Appendix K Flexibility

Guidance

Personal Assistance Services
(Agency and Participant-Directed)

On a case-by-case basis, spouses, legal guardians, and persons with power of attorney may serve as paid direct care workers. These situations must be reviewed and approved by OLTL on a case-by-case basis.
 
This flexibility is only available when scheduled workers are not available due to COVID-19 and the participant's emergency backup plan cannot be implemented. Spouses, legal guardians and persons with power of attorney will be allowed to serve as paid direct care workers only until a replacement direct care worker is in place and in no case beyond the duration of the COVID-19 emergency declaration. 
 
This temporary flexibility does not apply in circumstances where a participant or their representative refuses services due to COVID-19 safety concerns despite the direct care worker(s) being available to provide services.  
 

Initial Level of Care Assessments

Assessors must receive education and training from the Independent Assessment Entity on how to evaluate individual risk factors and protect themselves from potential exposure according to the guidance issued by the CDC and the Department of Health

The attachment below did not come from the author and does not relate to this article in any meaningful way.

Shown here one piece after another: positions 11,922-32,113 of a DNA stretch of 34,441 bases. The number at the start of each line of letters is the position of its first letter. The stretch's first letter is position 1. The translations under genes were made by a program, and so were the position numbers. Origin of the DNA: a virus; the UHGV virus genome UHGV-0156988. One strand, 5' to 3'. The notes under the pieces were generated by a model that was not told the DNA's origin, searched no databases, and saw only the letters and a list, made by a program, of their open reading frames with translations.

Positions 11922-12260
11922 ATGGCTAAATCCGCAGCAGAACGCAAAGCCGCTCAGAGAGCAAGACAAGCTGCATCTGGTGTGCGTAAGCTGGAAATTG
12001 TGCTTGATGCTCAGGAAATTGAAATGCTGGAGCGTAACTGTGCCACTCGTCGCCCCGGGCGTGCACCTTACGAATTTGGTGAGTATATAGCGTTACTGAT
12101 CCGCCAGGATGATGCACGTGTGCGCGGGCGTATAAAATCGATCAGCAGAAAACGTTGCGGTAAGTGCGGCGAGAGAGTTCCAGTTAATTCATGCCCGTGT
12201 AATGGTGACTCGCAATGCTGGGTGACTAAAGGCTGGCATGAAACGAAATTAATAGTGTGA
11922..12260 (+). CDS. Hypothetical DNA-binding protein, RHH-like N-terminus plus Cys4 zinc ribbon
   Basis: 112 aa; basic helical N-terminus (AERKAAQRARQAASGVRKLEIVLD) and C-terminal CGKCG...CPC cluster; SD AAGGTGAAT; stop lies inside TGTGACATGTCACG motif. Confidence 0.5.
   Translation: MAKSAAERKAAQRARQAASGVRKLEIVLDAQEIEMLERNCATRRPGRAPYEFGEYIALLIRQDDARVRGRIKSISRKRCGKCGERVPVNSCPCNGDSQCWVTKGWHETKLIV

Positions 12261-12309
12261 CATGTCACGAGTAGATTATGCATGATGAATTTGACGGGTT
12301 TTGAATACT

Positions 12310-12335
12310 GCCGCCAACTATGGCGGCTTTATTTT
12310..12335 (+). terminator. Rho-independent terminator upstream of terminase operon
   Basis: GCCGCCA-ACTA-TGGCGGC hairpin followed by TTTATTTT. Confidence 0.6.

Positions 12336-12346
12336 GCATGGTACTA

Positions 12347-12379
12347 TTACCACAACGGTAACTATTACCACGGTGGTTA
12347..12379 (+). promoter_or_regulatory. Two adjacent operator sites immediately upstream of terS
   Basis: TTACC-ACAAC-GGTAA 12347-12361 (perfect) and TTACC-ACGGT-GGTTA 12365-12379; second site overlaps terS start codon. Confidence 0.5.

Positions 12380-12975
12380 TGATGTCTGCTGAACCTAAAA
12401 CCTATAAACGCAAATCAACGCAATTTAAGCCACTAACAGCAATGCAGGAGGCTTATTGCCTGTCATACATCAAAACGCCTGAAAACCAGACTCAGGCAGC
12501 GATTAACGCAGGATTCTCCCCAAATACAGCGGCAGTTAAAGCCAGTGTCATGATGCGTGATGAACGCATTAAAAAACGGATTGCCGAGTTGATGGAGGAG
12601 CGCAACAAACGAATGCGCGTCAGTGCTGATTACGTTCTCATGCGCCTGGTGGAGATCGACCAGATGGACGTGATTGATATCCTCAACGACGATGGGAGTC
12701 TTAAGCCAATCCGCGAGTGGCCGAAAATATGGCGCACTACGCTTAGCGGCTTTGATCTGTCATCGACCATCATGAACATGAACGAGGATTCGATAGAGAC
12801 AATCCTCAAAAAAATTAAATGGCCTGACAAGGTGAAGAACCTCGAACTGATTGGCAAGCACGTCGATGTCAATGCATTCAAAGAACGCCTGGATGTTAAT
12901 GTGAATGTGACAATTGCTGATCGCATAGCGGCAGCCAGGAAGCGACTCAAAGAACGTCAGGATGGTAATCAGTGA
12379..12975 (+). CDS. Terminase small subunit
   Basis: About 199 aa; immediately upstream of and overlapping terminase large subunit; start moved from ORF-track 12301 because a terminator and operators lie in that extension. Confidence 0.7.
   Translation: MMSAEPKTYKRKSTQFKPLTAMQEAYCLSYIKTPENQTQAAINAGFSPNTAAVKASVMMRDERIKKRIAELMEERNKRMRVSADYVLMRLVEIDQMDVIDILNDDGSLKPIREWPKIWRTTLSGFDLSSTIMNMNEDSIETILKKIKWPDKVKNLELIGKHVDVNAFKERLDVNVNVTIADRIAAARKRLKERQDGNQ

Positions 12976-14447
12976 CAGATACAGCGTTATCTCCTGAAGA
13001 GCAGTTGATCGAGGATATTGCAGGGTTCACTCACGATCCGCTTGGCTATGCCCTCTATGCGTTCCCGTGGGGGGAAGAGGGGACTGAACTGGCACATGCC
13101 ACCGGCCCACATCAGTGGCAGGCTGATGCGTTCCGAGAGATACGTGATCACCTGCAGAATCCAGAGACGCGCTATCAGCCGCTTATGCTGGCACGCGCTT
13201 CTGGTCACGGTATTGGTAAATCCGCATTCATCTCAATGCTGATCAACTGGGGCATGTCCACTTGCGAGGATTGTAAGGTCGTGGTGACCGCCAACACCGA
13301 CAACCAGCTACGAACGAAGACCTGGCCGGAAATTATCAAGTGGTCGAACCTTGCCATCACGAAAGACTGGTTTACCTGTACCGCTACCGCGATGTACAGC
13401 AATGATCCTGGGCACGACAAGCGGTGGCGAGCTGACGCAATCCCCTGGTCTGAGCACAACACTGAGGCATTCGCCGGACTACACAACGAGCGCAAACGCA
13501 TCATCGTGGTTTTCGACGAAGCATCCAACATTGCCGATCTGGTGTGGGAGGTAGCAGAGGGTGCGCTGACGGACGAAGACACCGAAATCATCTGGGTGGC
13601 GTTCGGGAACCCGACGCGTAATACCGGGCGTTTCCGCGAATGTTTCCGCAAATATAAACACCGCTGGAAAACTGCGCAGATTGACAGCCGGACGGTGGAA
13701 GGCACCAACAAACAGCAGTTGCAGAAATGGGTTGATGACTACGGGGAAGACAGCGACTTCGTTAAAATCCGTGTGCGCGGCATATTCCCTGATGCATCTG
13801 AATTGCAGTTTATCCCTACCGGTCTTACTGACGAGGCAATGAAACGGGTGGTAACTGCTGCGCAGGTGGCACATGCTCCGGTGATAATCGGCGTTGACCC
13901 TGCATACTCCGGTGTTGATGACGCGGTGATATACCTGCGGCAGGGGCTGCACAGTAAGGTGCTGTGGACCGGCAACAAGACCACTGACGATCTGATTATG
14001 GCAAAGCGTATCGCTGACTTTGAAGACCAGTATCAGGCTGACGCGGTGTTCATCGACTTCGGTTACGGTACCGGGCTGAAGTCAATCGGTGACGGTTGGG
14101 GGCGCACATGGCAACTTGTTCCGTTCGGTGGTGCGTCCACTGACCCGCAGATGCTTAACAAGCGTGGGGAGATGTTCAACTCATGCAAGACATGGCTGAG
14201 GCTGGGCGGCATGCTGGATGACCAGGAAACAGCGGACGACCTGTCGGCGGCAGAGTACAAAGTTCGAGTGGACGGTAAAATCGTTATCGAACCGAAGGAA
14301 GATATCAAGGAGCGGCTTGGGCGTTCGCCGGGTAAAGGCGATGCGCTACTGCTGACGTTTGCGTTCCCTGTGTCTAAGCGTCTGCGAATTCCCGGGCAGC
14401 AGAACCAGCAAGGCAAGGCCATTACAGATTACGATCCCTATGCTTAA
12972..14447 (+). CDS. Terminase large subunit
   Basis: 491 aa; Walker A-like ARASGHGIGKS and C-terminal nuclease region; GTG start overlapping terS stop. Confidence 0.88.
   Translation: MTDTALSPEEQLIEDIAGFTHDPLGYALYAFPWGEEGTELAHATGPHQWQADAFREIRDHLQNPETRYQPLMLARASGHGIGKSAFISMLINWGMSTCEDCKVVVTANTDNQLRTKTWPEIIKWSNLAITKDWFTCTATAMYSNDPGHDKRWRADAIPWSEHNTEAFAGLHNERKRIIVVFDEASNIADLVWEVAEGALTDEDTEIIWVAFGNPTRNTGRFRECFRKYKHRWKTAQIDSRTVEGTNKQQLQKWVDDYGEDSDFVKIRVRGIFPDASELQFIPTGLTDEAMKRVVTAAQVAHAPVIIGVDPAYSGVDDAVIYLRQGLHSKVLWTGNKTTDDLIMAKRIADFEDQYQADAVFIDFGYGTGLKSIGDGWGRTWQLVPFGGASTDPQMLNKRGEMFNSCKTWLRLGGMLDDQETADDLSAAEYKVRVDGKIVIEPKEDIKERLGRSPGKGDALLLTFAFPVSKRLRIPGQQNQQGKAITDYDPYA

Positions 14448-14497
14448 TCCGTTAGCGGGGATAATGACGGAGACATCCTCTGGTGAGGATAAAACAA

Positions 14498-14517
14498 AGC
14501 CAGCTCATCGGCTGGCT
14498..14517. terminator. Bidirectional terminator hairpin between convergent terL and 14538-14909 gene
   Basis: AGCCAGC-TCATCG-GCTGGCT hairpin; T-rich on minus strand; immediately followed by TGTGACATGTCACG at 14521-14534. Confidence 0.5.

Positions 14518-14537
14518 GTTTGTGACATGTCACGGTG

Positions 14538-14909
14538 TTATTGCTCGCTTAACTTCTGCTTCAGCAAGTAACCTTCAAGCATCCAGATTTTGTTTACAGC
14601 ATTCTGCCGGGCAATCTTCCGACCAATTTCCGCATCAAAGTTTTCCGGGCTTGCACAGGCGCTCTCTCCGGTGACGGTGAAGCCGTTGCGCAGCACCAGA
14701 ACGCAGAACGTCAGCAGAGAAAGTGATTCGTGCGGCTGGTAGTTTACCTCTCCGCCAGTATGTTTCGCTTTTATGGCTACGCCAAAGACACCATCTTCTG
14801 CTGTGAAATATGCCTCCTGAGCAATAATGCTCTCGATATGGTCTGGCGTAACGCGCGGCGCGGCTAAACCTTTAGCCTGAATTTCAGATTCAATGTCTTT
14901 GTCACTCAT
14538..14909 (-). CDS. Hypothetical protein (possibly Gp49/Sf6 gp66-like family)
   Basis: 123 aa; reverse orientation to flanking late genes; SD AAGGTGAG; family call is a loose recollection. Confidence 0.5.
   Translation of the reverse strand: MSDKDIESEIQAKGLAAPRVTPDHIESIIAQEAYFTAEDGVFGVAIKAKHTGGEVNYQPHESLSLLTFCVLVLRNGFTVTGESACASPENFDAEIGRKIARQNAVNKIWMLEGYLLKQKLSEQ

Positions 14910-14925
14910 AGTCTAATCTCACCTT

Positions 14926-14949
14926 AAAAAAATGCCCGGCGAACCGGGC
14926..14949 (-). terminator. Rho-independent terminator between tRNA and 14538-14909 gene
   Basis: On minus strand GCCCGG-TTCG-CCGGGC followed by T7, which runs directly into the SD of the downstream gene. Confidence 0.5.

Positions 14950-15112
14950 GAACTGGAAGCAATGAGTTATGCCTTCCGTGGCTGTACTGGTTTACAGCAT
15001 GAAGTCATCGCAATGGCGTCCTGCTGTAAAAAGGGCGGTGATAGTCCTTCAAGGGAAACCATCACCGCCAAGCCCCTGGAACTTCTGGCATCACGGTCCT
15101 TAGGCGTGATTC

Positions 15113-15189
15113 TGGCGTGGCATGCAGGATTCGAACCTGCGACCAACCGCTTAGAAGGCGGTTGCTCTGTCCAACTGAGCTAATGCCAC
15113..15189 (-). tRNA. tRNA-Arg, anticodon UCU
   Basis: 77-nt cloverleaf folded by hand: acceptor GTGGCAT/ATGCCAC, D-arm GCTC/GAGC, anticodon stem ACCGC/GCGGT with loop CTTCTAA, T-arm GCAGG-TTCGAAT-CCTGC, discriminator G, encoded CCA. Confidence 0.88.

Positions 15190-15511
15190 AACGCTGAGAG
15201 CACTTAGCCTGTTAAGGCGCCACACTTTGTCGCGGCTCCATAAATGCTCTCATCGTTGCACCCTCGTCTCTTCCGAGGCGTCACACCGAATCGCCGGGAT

Initial level of care assessments using the FED that take place in the participant's home should be conducted face-to-face when possible.  Assessments may be conducted remotely using phone or video conferencing at the participant's choice or when risk factors may be present in the participant's home.  Assessors must follow the guidance issued by the Independent Assessment Entity for resuming face-to-face assessments and maintain safe behavioral practices as defined by the CDC and the Department of Health when doing so.

Initial level of care assessments using the FED that take place in nursing facilities should be conducted remotely using phone or video conferencing.  Assessors should follow guidance around visitation in nursing facilities that is issued by the CDC and the Department of Health.

Needs Assessments/ Reassessments ​

Service Coordinators must receive education and training from the Service Coordination Entity on how to evaluate individual risk factors and protect themselves from potential exposure according to the guidance issued by the CDC and the Department of Health.

Annual Reassessments, including the needs assessment, may be conducted face-to-face when possible.  Service Coordinators should maintain safe behavioral practices as defined by the CDC and the Department of Health when doing so.